The image at right (rev-2 PCB) shows two extra 100 nF (104) capacitors (SNUB1 & SNUB2) that must be added to the bottom of the PCB. They both solder to the centre TO220 pad. The rev-3 PCB has holes for these capacitors but they are still located under the PCB.

Note that (for the rev-2 PCB) C212, C7B & C306B are not installed on the PCB.


Diodes are also polarised. Most are installed vertically on the PCB as shown in the image at right, with the diode's band closest to the PCB circle.

Make sure you install the 1N4746A zener diode (D403, shown as "03" on the overlay) in the correct position as it is easily confused with the 1N4148 (slightly smaller) diodes alongside.

The 1N5822 (D1) Schottky Diode & 1N6832 1.5KE-33A (D2) Tranzorb are installed horizontally with their band matching the stripe marked on the component overlay. Ensure that they are in the correct position before applying power else damage to the diodes and/or the PCB may result.

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Install the 16 MHz Crystal (X1). It may help to install the 28 pin socket at the same time as they will then both be a better fit. Install the 2 Inductors (L1) & (L2) vertically as shown.

IC sockets & TO-220 Packages

Place the TO-220 (7805 and MTP3055V) packages into the PCB from the top, and bend their legs over 90 degrees so they lay flat on the PCB. Bolt the TO-220's to the PCB using the supplied M3 screws, star washers, and nuts, and lastly solder them into the PCB. Note : no insulator washers or thermal transfer compound is required, as very little power is dissipated by the switchmode heater circuit and low current 5 Volt supply.

TO-220 package

LEDs and IC Sockets

Now the LEDs are installed (although it has been suggested this should be the last step before switching on). The image shows the position of each coloured LED and also the flat at the base of each LED which must be oriented away from PCB's edge. Note that the bottom surface of each LED should be 17 mm from the surface of the PCB (see the next image at left) so they just protrude through the pre-drilled holes in the case's lid. One way to get the LED clearance just right is to use a piece of soft, but rigid card (height = 17 mm) as a temporary spacer under the LED while it is soldered.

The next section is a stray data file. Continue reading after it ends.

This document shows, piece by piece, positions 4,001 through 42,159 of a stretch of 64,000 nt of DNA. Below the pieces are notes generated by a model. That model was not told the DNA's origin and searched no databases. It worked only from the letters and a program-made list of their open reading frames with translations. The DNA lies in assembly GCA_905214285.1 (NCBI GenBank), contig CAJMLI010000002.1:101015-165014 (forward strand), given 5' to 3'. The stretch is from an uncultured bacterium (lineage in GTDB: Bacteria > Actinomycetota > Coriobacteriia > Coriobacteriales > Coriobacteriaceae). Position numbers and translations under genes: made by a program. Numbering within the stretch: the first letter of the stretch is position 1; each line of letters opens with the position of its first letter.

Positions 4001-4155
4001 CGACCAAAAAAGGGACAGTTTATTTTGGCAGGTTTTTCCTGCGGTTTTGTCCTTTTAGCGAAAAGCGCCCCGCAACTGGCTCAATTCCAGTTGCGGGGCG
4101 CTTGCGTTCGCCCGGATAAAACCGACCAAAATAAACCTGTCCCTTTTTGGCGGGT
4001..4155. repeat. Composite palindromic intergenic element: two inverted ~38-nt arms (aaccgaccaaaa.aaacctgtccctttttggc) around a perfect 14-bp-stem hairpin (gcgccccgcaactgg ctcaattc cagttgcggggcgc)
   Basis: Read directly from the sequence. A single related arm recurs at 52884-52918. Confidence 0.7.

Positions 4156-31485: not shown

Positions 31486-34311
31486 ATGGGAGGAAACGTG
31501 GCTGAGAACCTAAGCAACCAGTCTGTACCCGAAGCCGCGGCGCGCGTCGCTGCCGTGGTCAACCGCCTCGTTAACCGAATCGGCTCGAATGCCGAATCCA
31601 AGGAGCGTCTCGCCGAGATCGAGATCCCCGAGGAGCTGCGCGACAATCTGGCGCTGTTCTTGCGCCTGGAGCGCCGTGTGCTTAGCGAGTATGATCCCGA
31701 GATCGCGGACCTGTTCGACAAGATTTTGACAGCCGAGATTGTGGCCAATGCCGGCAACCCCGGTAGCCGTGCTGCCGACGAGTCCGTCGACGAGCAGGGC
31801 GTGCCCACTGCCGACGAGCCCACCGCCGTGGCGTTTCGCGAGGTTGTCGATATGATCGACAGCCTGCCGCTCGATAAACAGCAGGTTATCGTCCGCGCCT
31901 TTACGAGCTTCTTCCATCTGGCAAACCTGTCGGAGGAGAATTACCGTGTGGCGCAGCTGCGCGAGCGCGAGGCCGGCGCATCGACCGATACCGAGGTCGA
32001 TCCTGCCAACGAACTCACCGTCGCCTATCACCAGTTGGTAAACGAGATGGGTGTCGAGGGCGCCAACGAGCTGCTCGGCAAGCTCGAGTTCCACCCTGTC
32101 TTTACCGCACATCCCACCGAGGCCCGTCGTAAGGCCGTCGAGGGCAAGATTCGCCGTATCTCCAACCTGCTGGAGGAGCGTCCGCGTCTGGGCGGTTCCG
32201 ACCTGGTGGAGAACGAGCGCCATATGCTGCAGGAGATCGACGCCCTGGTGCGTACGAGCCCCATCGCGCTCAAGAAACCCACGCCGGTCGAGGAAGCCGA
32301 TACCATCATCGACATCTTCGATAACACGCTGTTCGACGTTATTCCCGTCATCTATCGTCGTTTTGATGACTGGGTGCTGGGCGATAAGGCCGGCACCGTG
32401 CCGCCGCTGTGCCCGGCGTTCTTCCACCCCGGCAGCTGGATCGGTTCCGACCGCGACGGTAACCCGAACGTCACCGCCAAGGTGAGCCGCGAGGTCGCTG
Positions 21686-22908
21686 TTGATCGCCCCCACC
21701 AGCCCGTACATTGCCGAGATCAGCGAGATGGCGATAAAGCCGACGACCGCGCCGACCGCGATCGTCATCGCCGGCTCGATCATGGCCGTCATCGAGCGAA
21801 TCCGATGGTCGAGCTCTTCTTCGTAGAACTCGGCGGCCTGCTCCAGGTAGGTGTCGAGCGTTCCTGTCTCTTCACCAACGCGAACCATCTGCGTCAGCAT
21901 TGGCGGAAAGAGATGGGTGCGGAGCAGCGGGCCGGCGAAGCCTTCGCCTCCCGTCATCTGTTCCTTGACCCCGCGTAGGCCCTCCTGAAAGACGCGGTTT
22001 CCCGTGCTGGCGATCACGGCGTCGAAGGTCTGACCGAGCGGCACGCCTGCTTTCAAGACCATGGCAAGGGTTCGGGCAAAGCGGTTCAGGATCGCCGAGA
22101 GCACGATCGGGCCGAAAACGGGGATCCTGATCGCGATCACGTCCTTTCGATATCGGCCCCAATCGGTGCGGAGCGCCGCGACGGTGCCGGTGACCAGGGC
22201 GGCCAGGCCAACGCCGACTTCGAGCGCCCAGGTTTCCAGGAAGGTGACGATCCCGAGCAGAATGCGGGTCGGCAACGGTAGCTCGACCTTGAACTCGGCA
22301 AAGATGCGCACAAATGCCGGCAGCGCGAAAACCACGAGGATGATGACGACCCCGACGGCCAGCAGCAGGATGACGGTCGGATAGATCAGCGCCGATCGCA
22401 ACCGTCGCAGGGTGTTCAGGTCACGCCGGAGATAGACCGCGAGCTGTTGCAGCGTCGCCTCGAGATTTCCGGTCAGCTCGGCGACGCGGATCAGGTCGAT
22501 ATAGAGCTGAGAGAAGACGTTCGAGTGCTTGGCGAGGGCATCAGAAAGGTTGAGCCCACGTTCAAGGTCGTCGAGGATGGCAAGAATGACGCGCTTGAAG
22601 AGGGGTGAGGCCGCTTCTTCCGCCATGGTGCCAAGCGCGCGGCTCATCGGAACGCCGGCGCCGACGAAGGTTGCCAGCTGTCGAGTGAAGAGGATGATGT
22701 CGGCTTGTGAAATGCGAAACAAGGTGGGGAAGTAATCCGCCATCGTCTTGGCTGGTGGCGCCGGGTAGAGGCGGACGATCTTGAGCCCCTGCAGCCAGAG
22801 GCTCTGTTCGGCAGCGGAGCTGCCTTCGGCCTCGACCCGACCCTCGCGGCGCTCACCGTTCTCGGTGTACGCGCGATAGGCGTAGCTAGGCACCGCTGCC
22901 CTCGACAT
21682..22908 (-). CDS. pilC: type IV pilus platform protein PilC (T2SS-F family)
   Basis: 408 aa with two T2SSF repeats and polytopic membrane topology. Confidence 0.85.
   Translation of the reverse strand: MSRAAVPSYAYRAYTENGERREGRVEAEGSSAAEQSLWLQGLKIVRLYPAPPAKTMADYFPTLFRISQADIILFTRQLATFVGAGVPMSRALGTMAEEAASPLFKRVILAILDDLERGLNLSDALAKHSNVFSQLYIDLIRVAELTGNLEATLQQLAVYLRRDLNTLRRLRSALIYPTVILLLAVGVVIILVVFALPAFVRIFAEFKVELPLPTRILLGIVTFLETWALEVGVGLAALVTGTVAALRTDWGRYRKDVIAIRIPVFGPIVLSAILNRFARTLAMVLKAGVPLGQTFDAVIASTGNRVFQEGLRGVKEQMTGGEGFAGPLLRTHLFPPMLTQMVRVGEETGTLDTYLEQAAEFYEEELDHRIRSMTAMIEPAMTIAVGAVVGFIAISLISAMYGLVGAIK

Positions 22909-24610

The LED's legs may need to be bent a little so they align with the pre-drilled holes in the case. If you made the legs a little longer, then they can be reduced in height by kinking the legs a little, rather than the more drastic resoldering.

Lastly, put in the IC sockets noting that their pin 1 indent is correct (to the left or top).

At right is an image of the completed unit but without the ICs inserted. Click on the image for an enlargement.

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Header Strips, Shunts, Test Points Pins & Fuse Holders

Quick overview for jumper shunt usage when the unit is operational :

Note 1 (Rev-4 PCB) : Make sure you read Changes/Modifications section in the Location Guide that relate to the removal of J2 from the rev-4 PCB. Rev-4 also requires the new NTK terminal block (it will be a tight fit in the PCB).

Note 2 (Rev-3 PCB) : if you are constructing the NTK version then you should still put the jumpers in the LSU position - in fact, we now recommend that you don't use a header, but simply put in wire links (cut from the ends of resistors leads).

For Rev-2 PCBs, cut the supplied 13 pin 0.1" header strip into a 5 pin (J4), 3 pin x two (J2, J3), & a 2 pin (J1) length. Each short header strip will require a shunt that can be placed there after soldering.

For Rev-3 PCBs, cut three 3 pin (J2, J3, J4), & a 2 pin (J1) length. You will be left with two pins that can be soldered into the Y5 2-3 position (force re-flash function).

For Rev-4 PCBs, cut a 3 pin (J4), & a 2 pin (J1) length (solder a link for J3). You will be left with 8 pins that can be soldered into the Y5 1-8 position.


As noted above, the image at left, taken from the PCB area under the fuse, was intended to show how the jumper block or shunts, should be placed on the header strips. However, the design was changed and the LSU only position should now be used.

J4 should be in the 1-2 position for 12 Volt (or COIL) operation, but for lower voltage (RPM from ECU) operation J4 is in the 2-3 (rev-3 and up PCB) or 4-5 position (rev-2 PCB only) .

Insert the 6 gold test point pins into the PCB at the points marked as TEST 1, 2, 6, 5 (near centre of PCB) & TP3, TP4 (top left). Note, the pins have a shorter thick end and a longer thin end. The thin end should be inserted into the PCB from the top (it may still be a tight fit - do not force the pin, check you have the right end). Solder and then cut off the long protruding pin on the solder side of the board.

For the two fuse holder clips, insert into the PCB and solder, taking note the little tab that locates the fuse are installed to the outer sides. You should check before soldering by inserting the fuse, but remove before soldering though.

Test Points

Logger Connector, RJ45 & Power Connector

At the left of the PCB, install the flat green 8 pin connector (Y2 for the logger) so it rests on the top side of the PCB. Note : remove the mating connector with the screw terminals before soldering.